The Triumphant Return Of Beatbox Boi
Speaking Of Blake, he’s up next. Crazy contemporary kid that he is, he’s going for an updated take on one of my favorite songs, the Zombies’ “Time Of The Season.” When he debuts his ideas for Peter, the Noone looks intrigued. Then he goes on to say that he won’t be sitting in the front row of Blake’s concerts with all the beatboxing going on; he’ll save those seats for the girls …? What because girls like to be spit on? Um, no. Please don’t make me go for an R. Kelly reference her. I would hate to have to do that to you and your huge neck, Mr. Noone. Seriously, the whole of his head is just massive. It’s getting a bit distracting. Anyway, Blake takes the stage, and for someone who hates change, I liked his version of “Time Of The Season” quite well. It’s smooth and seductive as it should be, and very engaging, apart from the kind of choppy jump from bridge to verse. They’ve even arranged a psychedelic rainbow of a light show for him. Aside from his wardrobe choice of the consistently puzzling plaid pants, it’s a great performance. Blake will never have a really great voice, but the boy knows how to play to his strengths.
The judges love him, call him the future of the world, shower him with roses and pennies and whatnot, and that’s easy enough to picture, I’m sure. Then, in the afterburn Seacrest makes a donkey of himself by trying to beatbox too. Oh my gosh, y’all. Ryan totally has a little crush!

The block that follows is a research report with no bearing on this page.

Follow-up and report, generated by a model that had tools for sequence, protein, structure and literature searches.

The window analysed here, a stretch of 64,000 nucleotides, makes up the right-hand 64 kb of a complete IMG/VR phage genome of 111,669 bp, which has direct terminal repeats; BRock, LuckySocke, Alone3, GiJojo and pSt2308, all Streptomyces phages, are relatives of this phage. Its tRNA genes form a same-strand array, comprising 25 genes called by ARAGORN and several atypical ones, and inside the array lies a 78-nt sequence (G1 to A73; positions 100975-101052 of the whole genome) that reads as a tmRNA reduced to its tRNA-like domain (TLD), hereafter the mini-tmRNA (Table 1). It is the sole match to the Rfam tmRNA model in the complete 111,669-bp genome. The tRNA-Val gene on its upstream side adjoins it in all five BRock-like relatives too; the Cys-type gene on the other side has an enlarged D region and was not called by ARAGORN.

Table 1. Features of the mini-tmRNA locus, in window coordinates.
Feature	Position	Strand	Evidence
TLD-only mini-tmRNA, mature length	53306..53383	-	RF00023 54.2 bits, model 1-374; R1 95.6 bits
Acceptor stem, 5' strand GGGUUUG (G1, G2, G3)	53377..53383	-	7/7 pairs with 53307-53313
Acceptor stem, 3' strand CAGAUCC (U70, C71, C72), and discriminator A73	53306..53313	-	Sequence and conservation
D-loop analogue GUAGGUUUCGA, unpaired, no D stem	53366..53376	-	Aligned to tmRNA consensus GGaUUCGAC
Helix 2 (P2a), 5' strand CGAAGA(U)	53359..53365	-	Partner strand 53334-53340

It’s LaKisha time! Apparently our LaKiKi was having some trouble choosing between two songs; she gravitated toward both Shirley Bassey‘s “Diamonds Are Forever” and Cilla Black’s “You’re My World,” and even after some rousing support from Lulu for the latter, she’s chosen to do “Diamonds.” She’s loaded down with diamonds because this thing here ain’t about subtlety, and all of that sparkle helps divert attention from her sort of dowdy green gown, which is good. LaKisha sounds fine occupying the feline-like opening phrases, and I hope this will finally convince people that she can sing well without belting, because she totally can and does here, so there. She gets a bit theatrical with the movements, and the she drops a couple of the bottom notes, but she’s grandiose, in a good way.
Randy says it was good, but he didn’t feel enough LaKisha in it. Paula says she was a smart girl to sing about diamonds and get decked out like so, and who knew Paula was a gold digger? I guess that now makes Emilio a broke, broke, broke … oh, sorry. Let’s leave Emilio out of this. He’s done nothing wrong. Except for Men At Work. And D2. And D3. But who’s counting. Anyway, back to the show? Simon wraps up the judges session by saying LaKisha was too far above her age this evening. I could agree, but I won’t. Also, there’s a second of UST that explodes as Ryan asks Simon what LaKisha should wear to be younger, and Simon defers to Ryan’s expertise. Ryan wags a finger and says, “Not tonight,” with a saucy grin on. Gamboling for attention from Page Six does nothing for your smile, Ryan.